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Quality Tools for Critical Thinking & K-12 STEM Success


This will be my first year attending ASQ’s annual Quality Education Conference & Workshop.  I’ve had a lot of fun volunteering and working with the Education Division, so I have no doubt the event will be exceed expectations.

I submitted to speak this time because I wanted to share some insight I’ve gained as someone who has instructed sessions related to critical thinking in the workforce. But, I’ve also used these quality tools as a parent and have done a fair amount of research related to importance of critical thinking & decision-making as it relates to STEM success. I’m excited to have been chosen and am in the process of polishing my presentation.

Critical thinking allows us to use our own creativity and curiosity to research, design test and improve solutions.  “Critical thinking is a skill that is impossible to teach directly but must be intertwined with content.” ~Christodoulou

Highlights of my presentation include:

  • Critical Thinking & STEM: Making the Connection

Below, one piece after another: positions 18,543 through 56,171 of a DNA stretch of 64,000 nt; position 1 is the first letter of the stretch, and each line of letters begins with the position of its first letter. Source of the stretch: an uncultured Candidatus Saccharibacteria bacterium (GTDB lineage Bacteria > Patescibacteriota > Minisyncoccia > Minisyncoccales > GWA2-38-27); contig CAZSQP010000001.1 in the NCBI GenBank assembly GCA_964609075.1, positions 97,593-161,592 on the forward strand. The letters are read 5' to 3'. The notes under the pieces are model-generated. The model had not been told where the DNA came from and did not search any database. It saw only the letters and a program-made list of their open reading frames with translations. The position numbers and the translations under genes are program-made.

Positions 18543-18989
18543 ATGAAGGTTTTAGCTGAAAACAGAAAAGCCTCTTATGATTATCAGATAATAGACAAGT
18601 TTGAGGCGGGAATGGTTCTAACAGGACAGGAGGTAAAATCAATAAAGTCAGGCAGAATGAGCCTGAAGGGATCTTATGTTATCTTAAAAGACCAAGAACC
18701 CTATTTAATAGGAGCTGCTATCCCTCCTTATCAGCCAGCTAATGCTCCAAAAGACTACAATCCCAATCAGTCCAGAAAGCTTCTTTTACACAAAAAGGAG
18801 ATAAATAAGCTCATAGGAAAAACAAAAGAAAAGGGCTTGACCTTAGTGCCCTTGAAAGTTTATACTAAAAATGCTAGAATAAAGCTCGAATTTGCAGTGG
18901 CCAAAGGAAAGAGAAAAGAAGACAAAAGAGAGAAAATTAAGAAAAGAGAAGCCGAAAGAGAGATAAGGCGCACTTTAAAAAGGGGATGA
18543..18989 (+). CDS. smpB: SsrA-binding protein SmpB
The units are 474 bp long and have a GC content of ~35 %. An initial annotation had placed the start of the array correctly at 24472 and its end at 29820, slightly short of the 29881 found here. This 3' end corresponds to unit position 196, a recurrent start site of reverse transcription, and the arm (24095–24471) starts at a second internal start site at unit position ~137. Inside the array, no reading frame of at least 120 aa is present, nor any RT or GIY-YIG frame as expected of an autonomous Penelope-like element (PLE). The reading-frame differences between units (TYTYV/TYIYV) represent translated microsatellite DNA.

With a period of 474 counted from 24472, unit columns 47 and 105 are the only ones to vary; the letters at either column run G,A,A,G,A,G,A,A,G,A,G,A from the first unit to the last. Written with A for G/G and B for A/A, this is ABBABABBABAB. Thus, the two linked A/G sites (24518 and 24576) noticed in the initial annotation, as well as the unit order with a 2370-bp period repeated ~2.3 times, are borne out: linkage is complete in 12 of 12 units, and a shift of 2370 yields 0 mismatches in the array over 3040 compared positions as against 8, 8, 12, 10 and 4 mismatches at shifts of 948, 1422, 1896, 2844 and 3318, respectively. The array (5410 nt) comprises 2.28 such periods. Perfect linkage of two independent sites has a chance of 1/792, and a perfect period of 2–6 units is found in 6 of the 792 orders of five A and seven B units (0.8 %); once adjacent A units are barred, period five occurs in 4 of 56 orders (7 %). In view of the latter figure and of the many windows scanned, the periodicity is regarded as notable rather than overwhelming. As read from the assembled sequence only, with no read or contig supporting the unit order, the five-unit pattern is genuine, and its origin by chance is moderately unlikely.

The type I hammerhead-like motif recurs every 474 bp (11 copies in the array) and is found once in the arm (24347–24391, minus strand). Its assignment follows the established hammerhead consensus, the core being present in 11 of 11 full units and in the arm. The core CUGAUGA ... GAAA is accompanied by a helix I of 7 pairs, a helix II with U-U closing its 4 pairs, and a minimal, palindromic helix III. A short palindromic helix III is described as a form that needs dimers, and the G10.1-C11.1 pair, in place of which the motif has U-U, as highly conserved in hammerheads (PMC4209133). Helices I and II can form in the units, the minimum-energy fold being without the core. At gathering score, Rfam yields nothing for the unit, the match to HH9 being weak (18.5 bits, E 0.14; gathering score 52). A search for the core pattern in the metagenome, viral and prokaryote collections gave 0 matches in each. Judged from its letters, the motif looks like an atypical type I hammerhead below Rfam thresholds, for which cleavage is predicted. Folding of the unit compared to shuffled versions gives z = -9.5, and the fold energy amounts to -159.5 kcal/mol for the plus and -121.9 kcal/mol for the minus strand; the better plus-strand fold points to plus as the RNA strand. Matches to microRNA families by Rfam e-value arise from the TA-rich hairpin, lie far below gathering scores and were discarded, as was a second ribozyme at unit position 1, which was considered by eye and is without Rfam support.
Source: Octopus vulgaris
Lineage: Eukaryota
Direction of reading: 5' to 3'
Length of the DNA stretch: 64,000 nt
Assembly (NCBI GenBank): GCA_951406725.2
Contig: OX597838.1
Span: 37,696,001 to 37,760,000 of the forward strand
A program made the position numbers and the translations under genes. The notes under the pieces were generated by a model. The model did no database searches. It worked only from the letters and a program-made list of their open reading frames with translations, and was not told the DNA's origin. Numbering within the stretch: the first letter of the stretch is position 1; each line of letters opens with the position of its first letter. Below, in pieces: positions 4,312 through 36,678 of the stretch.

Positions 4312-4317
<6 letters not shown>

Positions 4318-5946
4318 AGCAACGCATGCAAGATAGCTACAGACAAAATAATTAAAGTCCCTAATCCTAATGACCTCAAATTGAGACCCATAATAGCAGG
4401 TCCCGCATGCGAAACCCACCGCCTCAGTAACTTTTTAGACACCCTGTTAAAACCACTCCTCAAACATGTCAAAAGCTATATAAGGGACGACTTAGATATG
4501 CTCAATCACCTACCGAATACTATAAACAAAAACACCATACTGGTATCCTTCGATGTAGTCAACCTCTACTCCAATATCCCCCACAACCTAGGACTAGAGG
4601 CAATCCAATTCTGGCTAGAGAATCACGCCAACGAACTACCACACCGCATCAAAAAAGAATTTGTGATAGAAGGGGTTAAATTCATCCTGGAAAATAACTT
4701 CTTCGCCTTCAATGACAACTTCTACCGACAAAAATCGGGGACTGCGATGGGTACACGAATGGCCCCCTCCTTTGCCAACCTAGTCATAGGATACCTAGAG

• Keys to Success
  • Games & Activities
  • Applied Tools
    • Affinity Diagrams
    • Fishbone Diagrams
    • Six Thinking Hats
    • Mind Mapping
    • Grid Analysis
  • Additional Resources

If you’re interested in QECW, check out the site here. Bill Troy, ASQ’s CEO is just one keynote I’m looking forward to. And, the other speakers and their sessions will be hard to choose from. This will be my first conference volunteering also, so I’m leveling up on the fun!


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Personal Branding Using The Brand Deck… An Introspective Activity


Some time ago, I noticed an article posted about a Kickstarter project from the co-creator of Cards Against Humanity, and I was compelled to check it out. The idea is cool:

“Brand Deck is a collaborative exercise that will help you identify your brand’s characteristics.”

At first, I just thought it would be a fun activity to do with my marketing class. But, the moment I opened up my Brand Deck it was obvious that this could be one of the best personal branding tools yet.

Over the last few days, I’ve tried out the activity myself.  And, I’ll be recommending it during my upcoming presentation at ASQ’s Annual Service Conference.  It’s a great tool, and it’s a fun activity…

Step 1

I setup the four columns:

  • You Are
  • You Are Not
  • You Are Torn
  • Does Not Apply

Step 2

Each card has two sides.  The instructions say “for each card in the deck, pick the word that you have the strongest reaction to and put it face up in the pile where it belongs. Go with your gut.”

This was actually a really introspective process.  Are you disciplined or relaxed? Steady or dynamic? It took some time to get through the whole deck.  And, I leveled up and decided to leave it out for a day or two and revisit to see if I felt the same way. There were one or two cards that I shuffled around after giving it some time.

Step 3